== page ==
When I started ProBlogger.net I decided to get out of the rut I was in as a blogger in only interacting with a select group of other bloggers. Here is two things I did to meet some new people: [Read more...]

Choosing a Topic for your Adsense Blog

Do you remember Michael Buffington who back in Febuary started a grand experiment in blogging for dollars by starting the Asbestos Blog – a blog designed for the one intention of making money from a blog with a topic which is always touted as attracting high paying Adsense Ads?

Stephen Baker from Business Week Blog does a follow up post on the grand experiment and tracks how it fared after the initial burst of traffic from those attacking Michael for blatantly using his blog to chase a quick buck. Stephen writes:

‘Check out his site today and you see that the last post was in mid March. Buffington has backburnered it. Turns out that blogging for bucks, he says, “was really hard work.” That might be the most useful lesson his experiment leaves behind. In the initial burst of publicity, he was picked up by Slashdot and traffic rocketed. But as the weeks wore on, he was spending lots and lots of time trying to be the definitive guide to things asbestos, and traffic trailed off.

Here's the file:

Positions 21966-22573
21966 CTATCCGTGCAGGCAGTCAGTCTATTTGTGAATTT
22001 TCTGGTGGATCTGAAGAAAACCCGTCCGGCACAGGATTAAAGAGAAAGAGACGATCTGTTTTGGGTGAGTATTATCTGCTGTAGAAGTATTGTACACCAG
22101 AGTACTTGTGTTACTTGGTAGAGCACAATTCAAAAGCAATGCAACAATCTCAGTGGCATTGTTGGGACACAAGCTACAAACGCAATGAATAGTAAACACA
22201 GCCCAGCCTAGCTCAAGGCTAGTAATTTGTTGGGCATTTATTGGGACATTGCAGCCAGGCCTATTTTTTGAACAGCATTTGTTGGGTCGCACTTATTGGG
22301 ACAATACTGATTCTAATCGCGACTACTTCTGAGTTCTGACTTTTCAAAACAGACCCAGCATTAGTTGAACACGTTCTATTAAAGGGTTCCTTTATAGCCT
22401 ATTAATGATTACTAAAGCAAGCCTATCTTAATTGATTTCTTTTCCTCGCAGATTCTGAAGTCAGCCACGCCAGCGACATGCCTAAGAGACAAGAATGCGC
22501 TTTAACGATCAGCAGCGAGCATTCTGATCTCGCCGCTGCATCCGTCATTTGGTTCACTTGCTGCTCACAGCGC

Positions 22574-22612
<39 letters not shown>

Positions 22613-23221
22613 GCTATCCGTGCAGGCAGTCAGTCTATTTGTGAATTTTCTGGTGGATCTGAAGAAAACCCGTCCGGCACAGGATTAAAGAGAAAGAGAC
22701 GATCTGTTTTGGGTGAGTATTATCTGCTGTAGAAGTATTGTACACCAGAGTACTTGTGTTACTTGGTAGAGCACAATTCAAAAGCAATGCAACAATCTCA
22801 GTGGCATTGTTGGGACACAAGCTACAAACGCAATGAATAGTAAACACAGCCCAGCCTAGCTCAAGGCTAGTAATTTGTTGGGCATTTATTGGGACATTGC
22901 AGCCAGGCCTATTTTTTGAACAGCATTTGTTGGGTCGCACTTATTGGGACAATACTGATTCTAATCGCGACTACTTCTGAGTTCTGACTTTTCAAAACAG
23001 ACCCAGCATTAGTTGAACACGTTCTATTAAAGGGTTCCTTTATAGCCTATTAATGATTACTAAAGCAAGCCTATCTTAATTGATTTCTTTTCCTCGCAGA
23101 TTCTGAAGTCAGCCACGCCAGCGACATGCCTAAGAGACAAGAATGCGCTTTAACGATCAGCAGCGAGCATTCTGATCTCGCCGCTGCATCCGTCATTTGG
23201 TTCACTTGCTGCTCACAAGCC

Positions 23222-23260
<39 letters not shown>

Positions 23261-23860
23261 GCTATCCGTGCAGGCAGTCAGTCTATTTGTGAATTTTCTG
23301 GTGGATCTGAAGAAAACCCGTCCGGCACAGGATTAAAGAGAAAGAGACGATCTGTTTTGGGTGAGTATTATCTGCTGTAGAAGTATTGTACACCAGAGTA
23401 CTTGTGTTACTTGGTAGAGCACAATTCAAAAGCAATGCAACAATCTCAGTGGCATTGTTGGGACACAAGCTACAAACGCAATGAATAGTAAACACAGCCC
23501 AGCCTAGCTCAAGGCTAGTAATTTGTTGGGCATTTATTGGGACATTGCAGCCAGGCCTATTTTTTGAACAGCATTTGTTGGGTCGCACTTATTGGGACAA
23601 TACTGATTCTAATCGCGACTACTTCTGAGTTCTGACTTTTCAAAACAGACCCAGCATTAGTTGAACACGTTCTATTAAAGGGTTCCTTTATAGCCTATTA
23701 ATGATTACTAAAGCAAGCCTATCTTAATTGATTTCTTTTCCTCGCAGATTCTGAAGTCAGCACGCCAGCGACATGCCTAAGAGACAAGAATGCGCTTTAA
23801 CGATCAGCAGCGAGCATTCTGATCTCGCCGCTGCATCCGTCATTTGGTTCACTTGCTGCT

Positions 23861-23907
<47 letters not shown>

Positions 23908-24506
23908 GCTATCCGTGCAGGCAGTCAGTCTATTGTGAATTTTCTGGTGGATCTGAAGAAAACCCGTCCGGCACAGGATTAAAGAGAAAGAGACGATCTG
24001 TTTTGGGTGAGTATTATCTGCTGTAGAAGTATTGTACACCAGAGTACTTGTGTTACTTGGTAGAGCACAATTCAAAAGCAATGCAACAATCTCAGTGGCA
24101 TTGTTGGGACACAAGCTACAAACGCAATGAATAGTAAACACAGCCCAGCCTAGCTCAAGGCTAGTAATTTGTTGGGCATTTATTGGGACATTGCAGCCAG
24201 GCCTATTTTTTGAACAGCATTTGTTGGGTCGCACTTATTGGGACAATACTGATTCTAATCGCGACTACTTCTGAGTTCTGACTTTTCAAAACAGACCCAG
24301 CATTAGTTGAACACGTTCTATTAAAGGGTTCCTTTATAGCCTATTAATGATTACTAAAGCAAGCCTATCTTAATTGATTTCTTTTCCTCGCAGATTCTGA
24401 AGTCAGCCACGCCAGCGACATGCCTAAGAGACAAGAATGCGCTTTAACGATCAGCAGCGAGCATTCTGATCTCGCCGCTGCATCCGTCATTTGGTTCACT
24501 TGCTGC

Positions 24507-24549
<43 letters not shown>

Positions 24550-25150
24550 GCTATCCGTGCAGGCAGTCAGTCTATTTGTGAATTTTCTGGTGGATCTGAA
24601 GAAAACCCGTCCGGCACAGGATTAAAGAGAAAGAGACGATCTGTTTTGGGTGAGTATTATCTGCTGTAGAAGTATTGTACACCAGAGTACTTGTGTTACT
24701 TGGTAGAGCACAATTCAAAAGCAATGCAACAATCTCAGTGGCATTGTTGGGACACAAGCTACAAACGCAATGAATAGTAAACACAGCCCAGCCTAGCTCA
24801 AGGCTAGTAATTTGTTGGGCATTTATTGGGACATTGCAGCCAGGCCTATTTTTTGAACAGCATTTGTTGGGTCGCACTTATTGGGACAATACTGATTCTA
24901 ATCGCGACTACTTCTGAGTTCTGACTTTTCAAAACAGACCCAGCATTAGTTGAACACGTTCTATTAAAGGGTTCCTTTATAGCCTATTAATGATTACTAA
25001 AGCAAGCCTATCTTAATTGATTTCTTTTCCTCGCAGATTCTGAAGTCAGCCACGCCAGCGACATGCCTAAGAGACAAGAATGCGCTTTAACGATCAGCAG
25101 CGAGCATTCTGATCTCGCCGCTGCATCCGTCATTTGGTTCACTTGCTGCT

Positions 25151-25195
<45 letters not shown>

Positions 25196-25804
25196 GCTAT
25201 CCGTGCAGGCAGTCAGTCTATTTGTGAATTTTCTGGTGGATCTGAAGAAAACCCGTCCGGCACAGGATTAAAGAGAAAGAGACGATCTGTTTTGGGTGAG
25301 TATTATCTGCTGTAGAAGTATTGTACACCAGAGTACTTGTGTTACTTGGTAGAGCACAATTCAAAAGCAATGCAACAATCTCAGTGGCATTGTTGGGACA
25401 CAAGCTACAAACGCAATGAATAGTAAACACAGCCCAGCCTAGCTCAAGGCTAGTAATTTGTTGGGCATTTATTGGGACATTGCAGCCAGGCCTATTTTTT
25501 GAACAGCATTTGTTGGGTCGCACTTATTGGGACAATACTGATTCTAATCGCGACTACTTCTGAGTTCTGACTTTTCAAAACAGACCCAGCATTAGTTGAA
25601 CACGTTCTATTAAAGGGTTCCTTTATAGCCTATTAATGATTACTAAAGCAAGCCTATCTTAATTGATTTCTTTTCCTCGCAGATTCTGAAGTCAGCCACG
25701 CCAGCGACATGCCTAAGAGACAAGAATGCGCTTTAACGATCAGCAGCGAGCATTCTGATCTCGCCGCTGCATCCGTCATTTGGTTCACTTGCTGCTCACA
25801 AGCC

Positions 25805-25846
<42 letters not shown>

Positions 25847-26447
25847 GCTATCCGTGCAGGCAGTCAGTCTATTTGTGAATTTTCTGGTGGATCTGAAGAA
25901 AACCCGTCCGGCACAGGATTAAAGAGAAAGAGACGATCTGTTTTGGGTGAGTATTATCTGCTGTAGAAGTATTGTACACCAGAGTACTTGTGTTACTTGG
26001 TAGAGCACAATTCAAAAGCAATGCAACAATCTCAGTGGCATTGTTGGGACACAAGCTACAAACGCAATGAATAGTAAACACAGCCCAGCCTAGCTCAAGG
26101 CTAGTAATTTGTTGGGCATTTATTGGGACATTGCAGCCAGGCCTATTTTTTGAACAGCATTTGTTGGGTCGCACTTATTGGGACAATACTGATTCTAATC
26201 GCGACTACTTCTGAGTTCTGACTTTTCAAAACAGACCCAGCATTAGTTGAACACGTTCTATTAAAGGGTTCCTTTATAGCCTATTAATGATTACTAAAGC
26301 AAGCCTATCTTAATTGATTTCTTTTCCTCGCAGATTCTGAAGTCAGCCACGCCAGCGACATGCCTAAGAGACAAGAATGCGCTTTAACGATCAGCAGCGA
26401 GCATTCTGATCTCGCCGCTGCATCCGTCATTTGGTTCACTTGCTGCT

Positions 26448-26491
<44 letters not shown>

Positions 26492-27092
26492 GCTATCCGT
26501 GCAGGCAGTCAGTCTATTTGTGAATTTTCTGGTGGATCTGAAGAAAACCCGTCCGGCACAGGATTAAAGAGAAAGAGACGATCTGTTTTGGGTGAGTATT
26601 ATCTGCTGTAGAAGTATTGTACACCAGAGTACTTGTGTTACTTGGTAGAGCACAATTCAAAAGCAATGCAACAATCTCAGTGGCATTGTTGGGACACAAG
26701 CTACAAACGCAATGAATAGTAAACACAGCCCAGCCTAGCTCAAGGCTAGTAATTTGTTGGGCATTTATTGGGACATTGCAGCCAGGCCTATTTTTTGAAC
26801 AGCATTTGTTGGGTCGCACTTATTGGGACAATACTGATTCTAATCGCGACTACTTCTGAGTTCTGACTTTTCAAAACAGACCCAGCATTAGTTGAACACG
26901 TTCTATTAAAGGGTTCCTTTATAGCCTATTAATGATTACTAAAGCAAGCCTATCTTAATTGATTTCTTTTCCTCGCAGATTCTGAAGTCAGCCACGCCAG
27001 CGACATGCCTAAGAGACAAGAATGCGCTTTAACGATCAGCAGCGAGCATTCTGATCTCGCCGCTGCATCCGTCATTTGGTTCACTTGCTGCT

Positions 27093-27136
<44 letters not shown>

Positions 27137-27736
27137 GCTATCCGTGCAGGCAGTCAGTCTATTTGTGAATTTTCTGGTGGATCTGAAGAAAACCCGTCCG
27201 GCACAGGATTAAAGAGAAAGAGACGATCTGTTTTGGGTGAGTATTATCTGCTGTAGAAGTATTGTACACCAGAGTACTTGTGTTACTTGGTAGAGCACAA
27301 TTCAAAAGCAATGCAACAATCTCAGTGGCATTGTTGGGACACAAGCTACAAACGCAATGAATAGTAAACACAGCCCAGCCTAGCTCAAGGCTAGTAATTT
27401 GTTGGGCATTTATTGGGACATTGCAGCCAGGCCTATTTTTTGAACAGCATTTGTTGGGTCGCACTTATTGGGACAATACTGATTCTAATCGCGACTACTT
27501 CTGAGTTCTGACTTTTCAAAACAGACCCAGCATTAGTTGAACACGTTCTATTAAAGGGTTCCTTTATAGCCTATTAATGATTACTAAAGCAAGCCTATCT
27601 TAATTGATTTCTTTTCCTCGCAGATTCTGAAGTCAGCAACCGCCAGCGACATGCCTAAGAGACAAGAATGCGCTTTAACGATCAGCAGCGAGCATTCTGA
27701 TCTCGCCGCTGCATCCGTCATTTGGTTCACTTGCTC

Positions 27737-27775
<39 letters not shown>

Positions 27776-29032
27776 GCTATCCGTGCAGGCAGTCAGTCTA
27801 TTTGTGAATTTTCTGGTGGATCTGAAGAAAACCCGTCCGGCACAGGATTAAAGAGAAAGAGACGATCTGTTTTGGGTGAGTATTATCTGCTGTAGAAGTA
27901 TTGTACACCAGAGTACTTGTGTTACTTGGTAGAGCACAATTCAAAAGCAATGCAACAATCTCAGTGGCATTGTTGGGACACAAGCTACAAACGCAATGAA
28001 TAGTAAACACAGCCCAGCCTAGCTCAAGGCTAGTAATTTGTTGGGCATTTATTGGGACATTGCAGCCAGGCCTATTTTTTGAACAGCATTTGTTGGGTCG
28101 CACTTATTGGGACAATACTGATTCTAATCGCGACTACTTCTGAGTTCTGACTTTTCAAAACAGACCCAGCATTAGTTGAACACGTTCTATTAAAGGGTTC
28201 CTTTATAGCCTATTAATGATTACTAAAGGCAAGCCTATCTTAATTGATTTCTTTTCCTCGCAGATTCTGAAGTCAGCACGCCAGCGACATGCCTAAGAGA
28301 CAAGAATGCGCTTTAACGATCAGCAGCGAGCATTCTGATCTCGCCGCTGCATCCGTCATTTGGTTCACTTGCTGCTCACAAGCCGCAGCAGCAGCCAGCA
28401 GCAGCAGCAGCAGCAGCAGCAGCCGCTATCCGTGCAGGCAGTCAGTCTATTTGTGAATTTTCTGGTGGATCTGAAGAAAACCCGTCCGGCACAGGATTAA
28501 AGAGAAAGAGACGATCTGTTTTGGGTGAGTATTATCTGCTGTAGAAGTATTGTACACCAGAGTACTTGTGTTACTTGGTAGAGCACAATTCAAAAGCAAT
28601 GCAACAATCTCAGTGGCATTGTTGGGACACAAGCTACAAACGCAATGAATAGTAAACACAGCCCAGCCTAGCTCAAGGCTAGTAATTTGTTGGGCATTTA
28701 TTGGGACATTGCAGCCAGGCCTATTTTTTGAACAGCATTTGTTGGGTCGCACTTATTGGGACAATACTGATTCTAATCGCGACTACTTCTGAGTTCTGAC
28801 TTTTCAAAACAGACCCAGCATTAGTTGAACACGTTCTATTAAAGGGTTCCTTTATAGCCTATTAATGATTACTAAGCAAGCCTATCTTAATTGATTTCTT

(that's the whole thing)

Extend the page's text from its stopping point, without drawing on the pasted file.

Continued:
“There aren’t that many people who want to visit an asbestos site,” he says.’

It’s a good lesson for all Pro Bloggers wanting to explore niche blogging and illustrates that when choosing a topic it’s important to look for high paying keywords.

Also worth considering are factors like:

  • Will you be able to sustain writing on your chosen topic in the long term – are you interested enough in the topic to write on it every day?
  • Is there a market for your content (ie do people search for it?)
  • How many others are writing on the topic? (high paying ads tend to have a lot of competition which makes it hard to get highly ranked in Search Engines.

How to Name Your Blog

I was just checking my News Aggregator and for some reason a month old post from Strange Brand came up titled Top Ten Tips for Corporate Naming. I have no idea why it took 6 weeks for it to appear in my aggregator but I’m glad it did because today I’ve been thinking a lot about names for blogs and projects that I’m working on.

The 10 tips on naming a business are pretty good value and are worth considering for naming your next blog also.

  1. Determine How Important the Name Really Is
  2. Stand Out
  3. Avoid Generic Surnames
  4. Avoid Descriptive Names
  5. Avoid Acronyms
  6. Avoid Faux Latin
  7. Avoid Faux Latin (Cont’d): -nt Names
  8. Avoid Spaceless Names
  9. Avoid “Tech Power Synergy” Names
  10. Find Examples to Emulate

James writes excellent material on each point.

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How to Be A More Productive Blogger